Tivoli Gardens is a longtime stronghold of the Jamaican Labor Party; Golding is its representative in parliament.

The Jamaican government maintains that the wiretaps the U.S. government used to record Coke’s Kingston cellphone were illegal, and the Minister of Justice declined to sign an extradition order for Coke. Facing intense criticism, she asked the court whether she was within her rights to refuse. The motion is pending.

The prime minister’s office did not return calls seeking an interview. Minister of Information Daryl Vaz late Friday denied rumors that Golding had resigned.

The Drug Enforcement Administration referred questions about the Coke case to U.S. Attorney’s Office spokeswoman Yusill Scribner, who did not respond to repeated requests for comment.

“We would like to once again reiterate our position that all evidence collected by the United States in the indictment of Christopher `Dudus’ Coke was acquired in a manner consistent with existing international agreements between our two countries, and that the extradition request was properly prepared and submitted,” State Department spokesman Charles Luoma-Overstreet said in a statement.

But most experts agree that the government is unlikely to let Coke go. He knows too much.

“They are worried about what he would say,” said David Rowe, an adjunct law professor at the University of Miami School of Law who has represented Jamaican dons. “They know that he could implicate a number of Jamaican government ministers.”


Criminal ties to Jamaican politics are not new. Gangs were created in the 1970s, when political parties here armed groups of supporters in a quest to eliminate rivals.

“The dons’ service to the party was that they could deliver votes,” said John Rapley, president of the Caribbean Policy Research Institute, a Kingston think tank.

But to deliver votes,they had to deliver services. And for that, they needed money. They soon became the Caribbean middlemen for Colombian drug cartels.

In the ’70s, the dons controlled the gangs.

“The tail is wagging the dog now,” Rapley said.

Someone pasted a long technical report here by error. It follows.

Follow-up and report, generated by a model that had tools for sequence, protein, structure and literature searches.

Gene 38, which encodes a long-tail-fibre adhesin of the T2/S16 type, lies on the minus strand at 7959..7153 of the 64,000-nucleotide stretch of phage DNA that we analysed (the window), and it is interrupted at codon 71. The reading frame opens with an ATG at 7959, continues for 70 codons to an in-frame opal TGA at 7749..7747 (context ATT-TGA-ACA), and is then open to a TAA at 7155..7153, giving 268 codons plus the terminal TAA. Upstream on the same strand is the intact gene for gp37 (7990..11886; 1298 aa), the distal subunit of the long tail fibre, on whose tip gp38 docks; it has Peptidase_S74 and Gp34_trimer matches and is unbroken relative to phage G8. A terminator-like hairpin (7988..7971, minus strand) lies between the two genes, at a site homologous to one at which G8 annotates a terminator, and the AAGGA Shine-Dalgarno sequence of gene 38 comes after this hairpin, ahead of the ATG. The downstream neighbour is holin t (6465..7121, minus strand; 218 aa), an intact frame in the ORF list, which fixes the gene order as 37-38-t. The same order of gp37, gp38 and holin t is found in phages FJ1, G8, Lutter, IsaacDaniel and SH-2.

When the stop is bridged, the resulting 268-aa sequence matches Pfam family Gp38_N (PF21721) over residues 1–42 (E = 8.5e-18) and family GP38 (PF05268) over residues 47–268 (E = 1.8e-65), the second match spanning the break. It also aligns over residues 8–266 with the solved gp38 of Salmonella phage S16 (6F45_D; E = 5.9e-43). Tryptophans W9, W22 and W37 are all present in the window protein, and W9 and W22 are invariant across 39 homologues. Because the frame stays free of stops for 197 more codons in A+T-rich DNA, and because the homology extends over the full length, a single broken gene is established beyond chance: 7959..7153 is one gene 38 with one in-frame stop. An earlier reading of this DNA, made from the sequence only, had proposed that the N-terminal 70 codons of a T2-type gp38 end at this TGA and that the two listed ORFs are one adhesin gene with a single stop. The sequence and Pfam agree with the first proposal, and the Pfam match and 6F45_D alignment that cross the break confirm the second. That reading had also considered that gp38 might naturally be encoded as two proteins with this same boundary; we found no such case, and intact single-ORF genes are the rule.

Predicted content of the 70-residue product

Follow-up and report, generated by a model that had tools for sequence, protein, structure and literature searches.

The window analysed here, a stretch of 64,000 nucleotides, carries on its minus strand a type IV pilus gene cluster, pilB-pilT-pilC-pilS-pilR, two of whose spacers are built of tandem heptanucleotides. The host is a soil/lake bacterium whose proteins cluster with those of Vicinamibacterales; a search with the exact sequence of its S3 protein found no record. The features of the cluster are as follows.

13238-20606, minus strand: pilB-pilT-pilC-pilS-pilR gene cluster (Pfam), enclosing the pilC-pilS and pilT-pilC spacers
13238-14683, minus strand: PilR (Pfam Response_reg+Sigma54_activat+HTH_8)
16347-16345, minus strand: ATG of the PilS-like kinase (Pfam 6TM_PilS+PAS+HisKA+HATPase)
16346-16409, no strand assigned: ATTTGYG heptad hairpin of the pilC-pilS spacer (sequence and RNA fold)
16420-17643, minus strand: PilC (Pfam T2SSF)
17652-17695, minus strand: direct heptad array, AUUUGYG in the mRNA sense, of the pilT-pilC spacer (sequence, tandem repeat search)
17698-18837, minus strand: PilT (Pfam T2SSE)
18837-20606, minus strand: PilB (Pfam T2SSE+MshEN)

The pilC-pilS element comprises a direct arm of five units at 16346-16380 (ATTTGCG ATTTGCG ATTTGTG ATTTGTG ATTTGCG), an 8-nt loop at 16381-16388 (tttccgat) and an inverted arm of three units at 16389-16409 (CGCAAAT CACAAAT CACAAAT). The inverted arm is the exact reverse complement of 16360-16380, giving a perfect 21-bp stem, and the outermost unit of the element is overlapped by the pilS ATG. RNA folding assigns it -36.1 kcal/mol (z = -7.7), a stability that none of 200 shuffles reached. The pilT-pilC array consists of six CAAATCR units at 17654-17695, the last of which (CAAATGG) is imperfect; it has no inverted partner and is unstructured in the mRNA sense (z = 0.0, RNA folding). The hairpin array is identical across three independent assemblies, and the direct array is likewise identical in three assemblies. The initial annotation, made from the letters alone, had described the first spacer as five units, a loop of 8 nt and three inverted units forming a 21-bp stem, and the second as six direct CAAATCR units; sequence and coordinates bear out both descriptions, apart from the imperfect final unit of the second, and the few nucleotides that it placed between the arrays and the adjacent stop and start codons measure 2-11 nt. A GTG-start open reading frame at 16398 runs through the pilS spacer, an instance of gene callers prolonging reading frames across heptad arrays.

Even if the government wanted to get rid of them, Rapley said, many people believe it couldn’t.

“Our intelligence was, and it probably still is, that the gangs in Tivoli Gardens had a huge arsenal of weapons,” said security consultant Mark Shields, a former Scotland Yard investigator who became deputy commissioner of police here.

“There is a huge sensitivity to the fact that one of the largest civil confrontations in modern times with the police was in Tivoli Gardens.”

In 2001, police trying to raid Tivoli Gardens were met by sniper fire, which led to a three-day standoff that killed 26 people.

“Arresting Christopher Coke would require a major police and military operation,” said a U.S. law enforcement official who requested anonymity because he was not authorized to speak publicly. “It would take hundreds of people.”

Tivoli Gardens residents say Coke keeps their neighborhood safe, and they like it that way.

“Jamaica is at a crossroads perhaps more than ever before, in where one road leads to restoration of law and order and the other road leads to narco-statehood,” said opposition lawmaker Peter Phillips, a former National Security minister.

“Right now, we have to say we are leaning toward narco-statehood, if we are not there already.”


Tags: , , , ,

2 Responses to “Welcome to Jamaica”

  1. Corve Says:

    This scenario happens when you embrace criminals

Leave a Reply

Fill in your details below or click an icon to log in:

WordPress.com Logo

You are commenting using your WordPress.com account. Log Out /  Change )

Google+ photo

You are commenting using your Google+ account. Log Out /  Change )

Twitter picture

You are commenting using your Twitter account. Log Out /  Change )

Facebook photo

You are commenting using your Facebook account. Log Out /  Change )


Connecting to %s

%d bloggers like this: